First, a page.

// Pulsate the size of the selected menu entry.
double time = gametime.TotalGameTime.TotalSeconds;
float pulsate = (float)Math.Sin(time * 6) + 1;
scale = new Scale(1 + pulsate * 0.05f,1 + pulsate * 0.05f);

I grabbed it from the XNA GameState sample and just curious.


Looks like it's using a sine wave to change the scale of an object. Sine ranges from -1 to +1, so adding one to the pulsate variable puts the range at 0 to 2. Then adding 1 to (pulstae * 0.05f) Puts the range at 1 to 1.10.

As the name implies, this would likely give the appearance of pulsating.

Multiplying the time by 6 compresses the sine wave on the x-axis. Making the pulsing happen faster. If you were to multiply it by a smaller number (or not multiply it by anything) you could slow the pulsing.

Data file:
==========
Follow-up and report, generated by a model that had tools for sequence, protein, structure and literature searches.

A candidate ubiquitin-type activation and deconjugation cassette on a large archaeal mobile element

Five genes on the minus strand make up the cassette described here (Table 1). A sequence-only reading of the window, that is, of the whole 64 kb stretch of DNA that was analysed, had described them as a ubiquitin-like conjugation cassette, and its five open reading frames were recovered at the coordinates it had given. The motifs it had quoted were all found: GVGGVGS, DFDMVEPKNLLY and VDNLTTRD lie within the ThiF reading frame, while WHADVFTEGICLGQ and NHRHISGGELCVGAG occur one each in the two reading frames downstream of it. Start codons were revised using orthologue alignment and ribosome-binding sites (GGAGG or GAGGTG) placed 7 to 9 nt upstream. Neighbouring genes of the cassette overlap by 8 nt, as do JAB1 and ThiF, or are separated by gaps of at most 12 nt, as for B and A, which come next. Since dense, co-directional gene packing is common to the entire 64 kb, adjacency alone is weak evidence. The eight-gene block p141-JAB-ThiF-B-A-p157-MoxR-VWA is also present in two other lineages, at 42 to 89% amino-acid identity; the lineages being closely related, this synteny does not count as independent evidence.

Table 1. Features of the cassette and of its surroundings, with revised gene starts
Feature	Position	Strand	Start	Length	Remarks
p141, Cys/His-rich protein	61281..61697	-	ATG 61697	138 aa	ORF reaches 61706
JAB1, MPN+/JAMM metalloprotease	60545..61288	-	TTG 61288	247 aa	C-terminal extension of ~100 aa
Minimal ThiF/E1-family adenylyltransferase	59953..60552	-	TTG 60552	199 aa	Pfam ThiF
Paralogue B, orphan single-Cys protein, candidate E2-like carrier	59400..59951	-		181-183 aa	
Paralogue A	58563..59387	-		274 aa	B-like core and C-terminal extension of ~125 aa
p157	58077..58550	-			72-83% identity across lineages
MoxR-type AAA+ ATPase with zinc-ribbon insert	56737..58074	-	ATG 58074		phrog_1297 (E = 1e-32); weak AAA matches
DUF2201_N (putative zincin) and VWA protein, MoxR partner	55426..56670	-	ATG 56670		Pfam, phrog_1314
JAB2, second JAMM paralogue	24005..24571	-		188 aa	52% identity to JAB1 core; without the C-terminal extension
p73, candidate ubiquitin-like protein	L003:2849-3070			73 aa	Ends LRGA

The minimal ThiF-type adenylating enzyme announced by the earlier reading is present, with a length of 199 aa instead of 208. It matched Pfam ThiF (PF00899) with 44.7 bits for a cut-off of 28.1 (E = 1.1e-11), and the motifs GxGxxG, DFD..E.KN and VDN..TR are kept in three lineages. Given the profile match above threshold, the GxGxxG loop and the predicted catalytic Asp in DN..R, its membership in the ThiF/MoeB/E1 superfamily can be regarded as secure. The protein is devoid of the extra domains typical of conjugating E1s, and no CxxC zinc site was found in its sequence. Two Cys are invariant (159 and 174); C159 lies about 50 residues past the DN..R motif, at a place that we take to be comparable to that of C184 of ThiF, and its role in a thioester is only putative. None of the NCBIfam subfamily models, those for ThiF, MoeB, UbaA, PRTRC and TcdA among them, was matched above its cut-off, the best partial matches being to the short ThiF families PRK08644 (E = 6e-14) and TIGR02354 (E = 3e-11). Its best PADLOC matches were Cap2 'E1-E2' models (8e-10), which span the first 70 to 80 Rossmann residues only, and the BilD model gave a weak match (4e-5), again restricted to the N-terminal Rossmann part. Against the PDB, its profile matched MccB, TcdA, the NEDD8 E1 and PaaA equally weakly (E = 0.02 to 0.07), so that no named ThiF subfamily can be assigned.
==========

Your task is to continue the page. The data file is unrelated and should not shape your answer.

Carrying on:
sine wave

  • \$\begingroup\$ Why do they multiply the time by 6 ? \$\endgroup\$
    – Setheron
    Apr 27 '12 at 17:07
  • 1
    \$\begingroup\$ Multiplying the time by 6 will change the speed at which the pulsing happens. Basically it shrinks the sine wave on the x axis. Pulsing faster. \$\endgroup\$
    – House
    Apr 27 '12 at 17:08
  • \$\begingroup\$ How can I relate it to the frequency? \$\endgroup\$
    – Setheron
    Apr 27 '12 at 17:15
  • 1
    \$\begingroup\$ @Setheron: No, sin(t)'s period is 2PI seconds, so sin(6*t) gives you a pulse every 2PI/6 seconds, which is slightly less often than once a second. \$\endgroup\$
    – Eric
    Apr 27 '12 at 17:20
  • 2
    \$\begingroup\$ @Setheron: A pulse every ~1.05 seconds is slightly less. :-) \$\endgroup\$
    – Eric
    Apr 27 '12 at 18:34

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